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 The Australian Flying Corps' First Air-to-Air Combat

11 November 1916

The passage below describes one of the amazing episodes in the early aviation career of Lawrence Wackett
(Later, in 1918, Wackett was a distinguished pilot and technologist in 3AFC.)

A No.1 Squadron BE2 aircraft flying over the desert, with the Mediterranean is in the background. 
[AWM B03562]

AFC No.1 Squadron.  Sinai Desert, October-November 1916.

…To counter the new German aircraft with their forward-firing guns, Lawrence Wackett, a pilot renowned for his exceptional design and engineering skills, attempted to improve the BE2c's armament.  In the squadron workshops, he knocked together “an elementary form of gun turret,” positioned in the top wing, above the observer's seat.  Standing up on his seat, with his head and shoulders above the top wing, he could aim the Lewis gun, “anywhere in the upper hemisphere.”

Throughout October and November, Wackett's BE2c escorted the other BE2cs on photographic reconnaissance over the Turkish front line in the El Arish region.  They flew in formation to take overlapping photographs of tracts of countryside below them, which British surveyors then turned into maps of the Turkish positions.  After taking their photographs, the Australians regularly bombed and strafed enemy camps…

During the first week of November, No.1 Squadron's photographic machines produced a comprehensive picture of the Turkish defences that now roughly ran along the wady between El Arish and Magdhaba.  [NB. Wady: a dry ravine - note the different official spelling from the WW2 “wadi”].  On 8 November, A-Flight moved from Sherika to Kantara aerodrome, placing all four flights in the Sinai region for the first time.  The squadron was thus able to make more concerted efforts, the first of which came on 11 November when it mounted the largest bombing raid yet to be undertaken by British forces in the theatre.  Beersheba was the target, site of the Turkish Army headquarters and [German squadron] FA 300's main aerodrome.  At dawn, nine BE2cs and a Martinsyde flew from their aerodromes and assembled at Mustabig.  

Eight of the BE2cs carried only a pilot, so that they could take extra bombs and fuel. The Martinsyde and Wackett's BE2c escorted them.  The formation refuelled and set out at 8.30 a.m. Approaching Beersheba, they were greeted with heavy anti-aircraft fire, flying “through a flurry of white, black and green shell bursts.”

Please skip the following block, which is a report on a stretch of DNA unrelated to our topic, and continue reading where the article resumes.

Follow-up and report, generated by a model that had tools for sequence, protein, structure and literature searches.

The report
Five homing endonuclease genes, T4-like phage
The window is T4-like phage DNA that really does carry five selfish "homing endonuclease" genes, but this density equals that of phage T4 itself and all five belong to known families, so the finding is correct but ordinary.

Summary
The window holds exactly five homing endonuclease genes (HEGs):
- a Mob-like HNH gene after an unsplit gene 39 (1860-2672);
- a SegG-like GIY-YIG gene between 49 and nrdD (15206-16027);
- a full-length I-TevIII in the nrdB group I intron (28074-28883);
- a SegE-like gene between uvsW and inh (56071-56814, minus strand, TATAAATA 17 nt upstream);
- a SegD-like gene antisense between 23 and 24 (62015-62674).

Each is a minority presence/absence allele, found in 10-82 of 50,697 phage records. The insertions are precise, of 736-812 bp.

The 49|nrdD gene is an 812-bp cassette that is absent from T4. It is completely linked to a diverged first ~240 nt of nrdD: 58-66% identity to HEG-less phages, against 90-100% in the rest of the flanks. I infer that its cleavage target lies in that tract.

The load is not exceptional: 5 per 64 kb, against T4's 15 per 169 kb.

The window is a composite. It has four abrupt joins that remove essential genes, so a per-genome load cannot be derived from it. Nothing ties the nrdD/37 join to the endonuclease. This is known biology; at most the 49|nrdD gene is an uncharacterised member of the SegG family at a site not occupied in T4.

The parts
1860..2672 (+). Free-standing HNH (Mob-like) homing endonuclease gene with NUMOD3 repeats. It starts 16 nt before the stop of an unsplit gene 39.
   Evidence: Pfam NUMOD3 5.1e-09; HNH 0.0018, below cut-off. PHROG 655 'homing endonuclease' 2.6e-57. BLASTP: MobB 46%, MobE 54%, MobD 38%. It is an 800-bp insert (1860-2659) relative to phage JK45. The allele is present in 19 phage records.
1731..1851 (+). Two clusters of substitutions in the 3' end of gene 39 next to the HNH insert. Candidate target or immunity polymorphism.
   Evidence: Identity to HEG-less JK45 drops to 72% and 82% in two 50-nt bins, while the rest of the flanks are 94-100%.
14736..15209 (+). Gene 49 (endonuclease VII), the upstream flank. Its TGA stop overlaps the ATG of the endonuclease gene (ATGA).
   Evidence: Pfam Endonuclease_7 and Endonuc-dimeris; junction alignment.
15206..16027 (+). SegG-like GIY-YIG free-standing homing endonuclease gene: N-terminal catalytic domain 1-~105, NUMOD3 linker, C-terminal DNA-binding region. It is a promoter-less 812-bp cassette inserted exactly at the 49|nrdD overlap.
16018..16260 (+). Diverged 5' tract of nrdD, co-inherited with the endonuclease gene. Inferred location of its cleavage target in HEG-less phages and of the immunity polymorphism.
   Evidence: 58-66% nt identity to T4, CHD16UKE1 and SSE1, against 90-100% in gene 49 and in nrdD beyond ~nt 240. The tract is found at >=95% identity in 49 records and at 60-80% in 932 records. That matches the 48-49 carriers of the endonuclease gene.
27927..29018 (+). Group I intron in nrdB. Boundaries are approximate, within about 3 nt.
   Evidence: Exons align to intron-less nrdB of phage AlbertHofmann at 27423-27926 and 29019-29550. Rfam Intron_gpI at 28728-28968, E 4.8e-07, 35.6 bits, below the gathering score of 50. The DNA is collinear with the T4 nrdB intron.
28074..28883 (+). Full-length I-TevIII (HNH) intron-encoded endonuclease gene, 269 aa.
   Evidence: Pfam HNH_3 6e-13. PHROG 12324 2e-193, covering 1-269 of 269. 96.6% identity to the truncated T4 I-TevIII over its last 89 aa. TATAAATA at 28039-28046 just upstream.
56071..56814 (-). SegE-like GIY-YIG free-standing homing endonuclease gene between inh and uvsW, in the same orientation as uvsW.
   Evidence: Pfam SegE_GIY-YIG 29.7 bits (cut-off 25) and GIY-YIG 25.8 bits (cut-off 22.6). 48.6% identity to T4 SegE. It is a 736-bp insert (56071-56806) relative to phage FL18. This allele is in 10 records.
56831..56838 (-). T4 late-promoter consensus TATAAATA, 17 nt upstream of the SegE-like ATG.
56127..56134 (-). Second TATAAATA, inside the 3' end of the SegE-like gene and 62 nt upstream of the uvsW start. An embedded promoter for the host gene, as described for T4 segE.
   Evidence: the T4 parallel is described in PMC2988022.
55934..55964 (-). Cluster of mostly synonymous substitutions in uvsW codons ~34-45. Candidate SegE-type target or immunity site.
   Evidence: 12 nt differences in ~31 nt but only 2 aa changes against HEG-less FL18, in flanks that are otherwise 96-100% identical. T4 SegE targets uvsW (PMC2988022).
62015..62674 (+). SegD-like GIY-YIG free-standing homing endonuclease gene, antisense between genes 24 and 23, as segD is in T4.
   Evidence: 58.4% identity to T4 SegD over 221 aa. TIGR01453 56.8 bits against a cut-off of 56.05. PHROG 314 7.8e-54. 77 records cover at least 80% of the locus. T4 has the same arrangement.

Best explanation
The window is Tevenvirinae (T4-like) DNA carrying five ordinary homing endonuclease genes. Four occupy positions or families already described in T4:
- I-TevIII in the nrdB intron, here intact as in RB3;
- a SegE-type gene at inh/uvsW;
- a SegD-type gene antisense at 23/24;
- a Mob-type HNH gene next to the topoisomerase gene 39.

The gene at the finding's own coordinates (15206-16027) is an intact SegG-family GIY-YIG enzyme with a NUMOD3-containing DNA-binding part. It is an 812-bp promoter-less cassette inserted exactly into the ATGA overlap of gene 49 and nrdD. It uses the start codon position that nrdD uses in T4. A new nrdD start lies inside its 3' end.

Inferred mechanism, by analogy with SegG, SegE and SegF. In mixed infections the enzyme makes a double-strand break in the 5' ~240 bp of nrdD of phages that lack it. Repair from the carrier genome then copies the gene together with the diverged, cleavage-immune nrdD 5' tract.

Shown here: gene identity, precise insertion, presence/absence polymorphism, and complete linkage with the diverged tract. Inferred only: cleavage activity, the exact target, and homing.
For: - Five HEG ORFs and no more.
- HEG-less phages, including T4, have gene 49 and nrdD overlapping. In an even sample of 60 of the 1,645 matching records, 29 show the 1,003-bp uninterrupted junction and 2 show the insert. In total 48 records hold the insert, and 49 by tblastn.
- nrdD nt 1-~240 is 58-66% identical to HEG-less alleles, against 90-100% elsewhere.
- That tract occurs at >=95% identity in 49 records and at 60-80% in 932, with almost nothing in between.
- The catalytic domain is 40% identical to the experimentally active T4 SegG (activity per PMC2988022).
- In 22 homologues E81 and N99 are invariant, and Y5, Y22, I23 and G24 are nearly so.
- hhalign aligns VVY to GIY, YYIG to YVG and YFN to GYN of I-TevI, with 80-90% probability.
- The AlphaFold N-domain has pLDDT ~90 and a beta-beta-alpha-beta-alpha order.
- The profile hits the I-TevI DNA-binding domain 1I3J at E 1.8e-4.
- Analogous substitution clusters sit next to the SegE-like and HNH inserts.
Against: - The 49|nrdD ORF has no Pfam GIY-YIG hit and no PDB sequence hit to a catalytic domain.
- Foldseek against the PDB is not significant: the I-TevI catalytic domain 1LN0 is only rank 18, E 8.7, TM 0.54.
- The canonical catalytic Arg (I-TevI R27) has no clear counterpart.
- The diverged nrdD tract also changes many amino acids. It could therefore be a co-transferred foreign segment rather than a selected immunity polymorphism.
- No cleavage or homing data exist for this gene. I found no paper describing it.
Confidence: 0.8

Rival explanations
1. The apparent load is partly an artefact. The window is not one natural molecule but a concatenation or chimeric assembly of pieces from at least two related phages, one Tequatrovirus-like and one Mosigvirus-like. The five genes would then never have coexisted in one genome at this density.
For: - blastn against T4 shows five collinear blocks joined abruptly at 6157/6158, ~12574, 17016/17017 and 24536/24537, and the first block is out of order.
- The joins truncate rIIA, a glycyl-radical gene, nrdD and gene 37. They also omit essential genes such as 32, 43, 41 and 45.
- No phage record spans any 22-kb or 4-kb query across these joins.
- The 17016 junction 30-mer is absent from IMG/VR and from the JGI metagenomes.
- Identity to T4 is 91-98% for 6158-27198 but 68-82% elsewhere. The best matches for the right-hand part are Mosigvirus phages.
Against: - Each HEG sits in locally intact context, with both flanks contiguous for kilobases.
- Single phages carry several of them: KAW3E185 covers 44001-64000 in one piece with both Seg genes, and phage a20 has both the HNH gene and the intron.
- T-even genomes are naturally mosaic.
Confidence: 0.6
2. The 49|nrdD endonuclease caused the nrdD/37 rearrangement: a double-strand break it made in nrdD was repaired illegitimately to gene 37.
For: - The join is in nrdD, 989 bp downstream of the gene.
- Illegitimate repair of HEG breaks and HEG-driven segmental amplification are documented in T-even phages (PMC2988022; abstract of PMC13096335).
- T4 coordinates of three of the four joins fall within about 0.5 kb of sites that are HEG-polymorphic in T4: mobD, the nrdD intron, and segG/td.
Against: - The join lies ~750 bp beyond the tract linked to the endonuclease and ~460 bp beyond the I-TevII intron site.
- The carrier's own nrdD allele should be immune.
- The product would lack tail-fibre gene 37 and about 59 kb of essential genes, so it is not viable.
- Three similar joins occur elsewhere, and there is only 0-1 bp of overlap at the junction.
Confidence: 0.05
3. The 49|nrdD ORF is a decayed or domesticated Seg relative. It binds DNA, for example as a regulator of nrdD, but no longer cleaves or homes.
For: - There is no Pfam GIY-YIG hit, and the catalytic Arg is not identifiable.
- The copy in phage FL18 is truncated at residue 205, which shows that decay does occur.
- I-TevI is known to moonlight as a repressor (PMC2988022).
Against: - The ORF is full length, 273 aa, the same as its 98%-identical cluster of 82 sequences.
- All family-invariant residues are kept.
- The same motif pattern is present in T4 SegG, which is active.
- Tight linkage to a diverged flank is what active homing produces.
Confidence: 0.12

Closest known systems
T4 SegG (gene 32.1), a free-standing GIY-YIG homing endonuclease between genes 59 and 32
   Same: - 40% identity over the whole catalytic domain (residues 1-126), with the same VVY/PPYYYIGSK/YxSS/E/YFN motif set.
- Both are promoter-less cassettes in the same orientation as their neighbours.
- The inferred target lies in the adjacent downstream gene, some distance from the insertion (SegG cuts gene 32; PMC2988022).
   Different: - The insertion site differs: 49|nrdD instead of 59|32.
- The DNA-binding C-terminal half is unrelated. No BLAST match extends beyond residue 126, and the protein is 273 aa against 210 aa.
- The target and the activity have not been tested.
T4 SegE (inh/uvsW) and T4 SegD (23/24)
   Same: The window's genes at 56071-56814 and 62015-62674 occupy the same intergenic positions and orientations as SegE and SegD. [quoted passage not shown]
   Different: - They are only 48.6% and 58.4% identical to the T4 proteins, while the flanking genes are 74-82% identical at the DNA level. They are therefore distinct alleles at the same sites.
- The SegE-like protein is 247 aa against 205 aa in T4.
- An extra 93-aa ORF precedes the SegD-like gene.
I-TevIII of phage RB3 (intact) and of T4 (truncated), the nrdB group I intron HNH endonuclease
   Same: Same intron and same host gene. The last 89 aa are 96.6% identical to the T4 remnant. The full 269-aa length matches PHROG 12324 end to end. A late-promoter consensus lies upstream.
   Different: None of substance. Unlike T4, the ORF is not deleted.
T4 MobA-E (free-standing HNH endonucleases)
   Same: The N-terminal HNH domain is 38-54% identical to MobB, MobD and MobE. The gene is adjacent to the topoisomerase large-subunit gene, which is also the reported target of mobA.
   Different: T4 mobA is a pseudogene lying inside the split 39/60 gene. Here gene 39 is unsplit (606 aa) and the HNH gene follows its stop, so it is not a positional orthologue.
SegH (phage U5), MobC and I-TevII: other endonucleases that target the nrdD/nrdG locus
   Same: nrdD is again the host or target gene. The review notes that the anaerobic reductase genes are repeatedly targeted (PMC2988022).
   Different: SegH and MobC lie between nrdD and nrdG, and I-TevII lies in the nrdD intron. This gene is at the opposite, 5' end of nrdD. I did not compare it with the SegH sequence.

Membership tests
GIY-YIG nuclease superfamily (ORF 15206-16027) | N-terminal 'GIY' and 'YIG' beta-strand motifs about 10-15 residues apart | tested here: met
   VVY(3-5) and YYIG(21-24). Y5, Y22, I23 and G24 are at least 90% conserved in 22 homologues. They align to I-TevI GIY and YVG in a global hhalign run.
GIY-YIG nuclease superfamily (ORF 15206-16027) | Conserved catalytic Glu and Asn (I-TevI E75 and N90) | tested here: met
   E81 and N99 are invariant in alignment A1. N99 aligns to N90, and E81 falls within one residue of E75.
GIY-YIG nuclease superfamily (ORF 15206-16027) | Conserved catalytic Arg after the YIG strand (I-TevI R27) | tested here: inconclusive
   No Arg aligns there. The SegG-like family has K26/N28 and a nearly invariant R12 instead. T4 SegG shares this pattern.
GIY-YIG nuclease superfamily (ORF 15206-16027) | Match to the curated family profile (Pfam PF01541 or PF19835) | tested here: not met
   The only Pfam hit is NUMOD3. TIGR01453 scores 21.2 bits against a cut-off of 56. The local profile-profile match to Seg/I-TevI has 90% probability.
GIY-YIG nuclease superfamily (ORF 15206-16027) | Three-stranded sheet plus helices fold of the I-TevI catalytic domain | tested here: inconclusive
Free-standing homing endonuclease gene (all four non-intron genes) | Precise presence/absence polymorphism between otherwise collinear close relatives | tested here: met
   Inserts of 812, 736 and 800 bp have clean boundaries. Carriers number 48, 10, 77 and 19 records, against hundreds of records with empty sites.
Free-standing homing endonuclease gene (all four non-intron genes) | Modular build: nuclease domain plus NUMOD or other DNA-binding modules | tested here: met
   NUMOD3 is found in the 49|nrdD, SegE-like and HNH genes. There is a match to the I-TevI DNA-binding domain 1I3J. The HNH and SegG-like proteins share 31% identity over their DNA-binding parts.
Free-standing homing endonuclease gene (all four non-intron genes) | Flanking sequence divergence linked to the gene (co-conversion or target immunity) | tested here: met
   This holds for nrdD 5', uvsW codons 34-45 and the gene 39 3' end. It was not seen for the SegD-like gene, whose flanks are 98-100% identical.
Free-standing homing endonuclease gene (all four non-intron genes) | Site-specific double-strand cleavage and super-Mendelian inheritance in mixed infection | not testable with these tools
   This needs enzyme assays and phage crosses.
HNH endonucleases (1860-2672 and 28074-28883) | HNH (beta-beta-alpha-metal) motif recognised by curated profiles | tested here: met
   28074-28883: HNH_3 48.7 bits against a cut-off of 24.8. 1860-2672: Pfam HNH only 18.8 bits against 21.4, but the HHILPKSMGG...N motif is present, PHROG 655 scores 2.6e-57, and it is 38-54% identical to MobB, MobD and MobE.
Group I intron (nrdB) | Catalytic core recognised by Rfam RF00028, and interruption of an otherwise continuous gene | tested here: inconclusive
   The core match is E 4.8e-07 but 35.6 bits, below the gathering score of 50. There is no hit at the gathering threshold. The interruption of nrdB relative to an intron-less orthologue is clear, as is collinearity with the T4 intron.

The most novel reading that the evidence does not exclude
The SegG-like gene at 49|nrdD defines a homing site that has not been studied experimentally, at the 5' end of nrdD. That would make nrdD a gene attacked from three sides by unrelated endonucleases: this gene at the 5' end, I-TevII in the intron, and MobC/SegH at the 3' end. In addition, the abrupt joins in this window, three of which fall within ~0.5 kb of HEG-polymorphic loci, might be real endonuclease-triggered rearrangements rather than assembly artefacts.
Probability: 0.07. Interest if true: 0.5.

James Guilfoyle, who had replaced Oswald Watt as B-Flight's commander in October when Watt went to England to establish another Australian squadron [2AFC], dropped a 100lb. bomb from the Martinsyde right in the middle of the German aerodrome, while others scored hits on tents, railway buildings and tracks.  

A photograph of Beersheeba airfield, taken during the raid.  [AWM A00655]

Two Fokker monoplanes took off and chased the Australians as they made for home.  Wackett and Turner (as observer) lagged behind, and descended to the enemy's altitude to offer an appealing target.  Wackett kept their tail to the enemy, allowing Turner to stand up in the turret and fire as the Fokkers closed.  

"The enemy plane,” wrote the satisfied inventor, “was completely surprised when his attack was met by a continuous fire from this new gun location and he retired immediately..."

- This raid marked the beginning of Australia’s history of air-to-air combat. -


Extract from “Fire in the Sky” Pages 71-73,  by Michael Molkentin.  Published by Allen & Unwin, 404 pages

Dedicated to the daring and courage of the airmen and mechanics of the Australian Flying Corps
—a tale of a war fought thousands of feet above the trenches.”

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